Roger Roffman Chronicles Society’s Long Struggle With Pot In ‘Marijuana Nation’

WASHINGTON:  Roger Roffman is a UW professor emeritus of social work who has studied marijuana dependence interventions for 30 years, and was a sponsor of Initiative 502, which legalized recreational marijuana in Washington. He answered a few questions about his new book, “Marijuana Nation: One Man’s Chronicle of America Getting High: From Vietnam to Legalization.”

Q: Your first experience with marijuana laws was during a court martial for a fellow soldier in Vietnam who was caught with the equivalent of 10 joints. How did that start your journey as a marijuana activist?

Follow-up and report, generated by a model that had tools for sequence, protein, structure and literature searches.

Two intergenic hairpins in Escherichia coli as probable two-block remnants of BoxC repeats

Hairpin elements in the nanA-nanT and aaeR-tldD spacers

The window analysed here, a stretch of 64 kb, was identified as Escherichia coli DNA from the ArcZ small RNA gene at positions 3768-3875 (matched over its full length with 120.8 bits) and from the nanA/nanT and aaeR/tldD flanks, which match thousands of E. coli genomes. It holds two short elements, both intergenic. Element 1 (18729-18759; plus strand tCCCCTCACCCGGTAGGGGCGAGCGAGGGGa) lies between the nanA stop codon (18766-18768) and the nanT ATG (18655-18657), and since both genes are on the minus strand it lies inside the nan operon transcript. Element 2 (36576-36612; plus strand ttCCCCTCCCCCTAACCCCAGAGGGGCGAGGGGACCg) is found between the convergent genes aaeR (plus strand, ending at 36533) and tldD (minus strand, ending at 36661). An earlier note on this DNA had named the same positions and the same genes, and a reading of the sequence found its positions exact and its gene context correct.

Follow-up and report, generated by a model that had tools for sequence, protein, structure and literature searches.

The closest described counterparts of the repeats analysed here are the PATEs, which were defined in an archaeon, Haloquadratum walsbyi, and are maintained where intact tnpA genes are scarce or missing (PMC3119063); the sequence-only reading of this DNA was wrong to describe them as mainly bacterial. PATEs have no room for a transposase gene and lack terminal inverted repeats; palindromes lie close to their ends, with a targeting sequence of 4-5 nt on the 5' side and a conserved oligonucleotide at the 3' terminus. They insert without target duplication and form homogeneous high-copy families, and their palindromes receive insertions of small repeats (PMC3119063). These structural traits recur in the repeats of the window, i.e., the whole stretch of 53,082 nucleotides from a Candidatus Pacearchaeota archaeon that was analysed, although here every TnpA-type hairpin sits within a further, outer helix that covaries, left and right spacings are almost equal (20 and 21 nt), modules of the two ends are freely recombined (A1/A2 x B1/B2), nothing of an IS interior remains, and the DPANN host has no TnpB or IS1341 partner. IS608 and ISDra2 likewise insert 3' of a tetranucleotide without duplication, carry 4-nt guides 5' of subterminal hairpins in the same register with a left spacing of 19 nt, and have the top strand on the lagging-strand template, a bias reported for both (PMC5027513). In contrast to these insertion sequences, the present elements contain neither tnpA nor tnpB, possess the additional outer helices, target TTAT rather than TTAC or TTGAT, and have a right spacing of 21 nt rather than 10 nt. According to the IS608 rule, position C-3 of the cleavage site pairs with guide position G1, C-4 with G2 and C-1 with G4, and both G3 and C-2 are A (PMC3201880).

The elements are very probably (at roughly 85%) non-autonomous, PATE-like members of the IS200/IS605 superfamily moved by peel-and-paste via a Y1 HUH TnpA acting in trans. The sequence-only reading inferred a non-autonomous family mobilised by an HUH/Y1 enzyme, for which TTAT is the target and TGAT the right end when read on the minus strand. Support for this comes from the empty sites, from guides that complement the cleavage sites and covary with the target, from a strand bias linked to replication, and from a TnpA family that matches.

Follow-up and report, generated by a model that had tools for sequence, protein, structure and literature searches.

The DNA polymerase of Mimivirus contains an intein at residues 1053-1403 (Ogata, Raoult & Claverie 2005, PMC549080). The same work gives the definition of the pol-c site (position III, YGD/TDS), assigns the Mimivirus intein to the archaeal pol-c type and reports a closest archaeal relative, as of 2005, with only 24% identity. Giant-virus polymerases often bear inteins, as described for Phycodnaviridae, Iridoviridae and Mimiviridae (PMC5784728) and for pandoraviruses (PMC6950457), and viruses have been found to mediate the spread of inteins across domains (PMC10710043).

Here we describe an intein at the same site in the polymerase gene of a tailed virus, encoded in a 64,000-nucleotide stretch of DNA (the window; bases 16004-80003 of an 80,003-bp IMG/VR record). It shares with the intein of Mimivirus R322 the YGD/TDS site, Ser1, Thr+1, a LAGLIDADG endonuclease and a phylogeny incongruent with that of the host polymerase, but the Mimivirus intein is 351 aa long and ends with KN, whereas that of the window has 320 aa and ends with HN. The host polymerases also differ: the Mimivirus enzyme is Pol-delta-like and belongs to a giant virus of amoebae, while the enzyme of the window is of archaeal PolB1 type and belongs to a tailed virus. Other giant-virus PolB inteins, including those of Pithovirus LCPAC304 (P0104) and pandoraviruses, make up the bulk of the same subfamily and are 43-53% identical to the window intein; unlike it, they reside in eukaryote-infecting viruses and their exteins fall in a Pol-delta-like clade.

A: In 1967 I was a social work officer with the 9th Infantry Division. Doing that work, I began to have an inkling of what we’d much later recognize as the severe psychological injuries many soldiers experienced. Alcohol was the universal de-stressor, with shared drinking contributing to group cohesion and camaraderie. While illegal under the Code of Military Justice, shared pot smoking appeared to fulfill a similar purpose. When serving on the board that conducted that soldier’s court martial, I argued imprisonment would be excessive given the context. I was outvoted, he went to jail for four months, and the injustice of that penalty troubled me.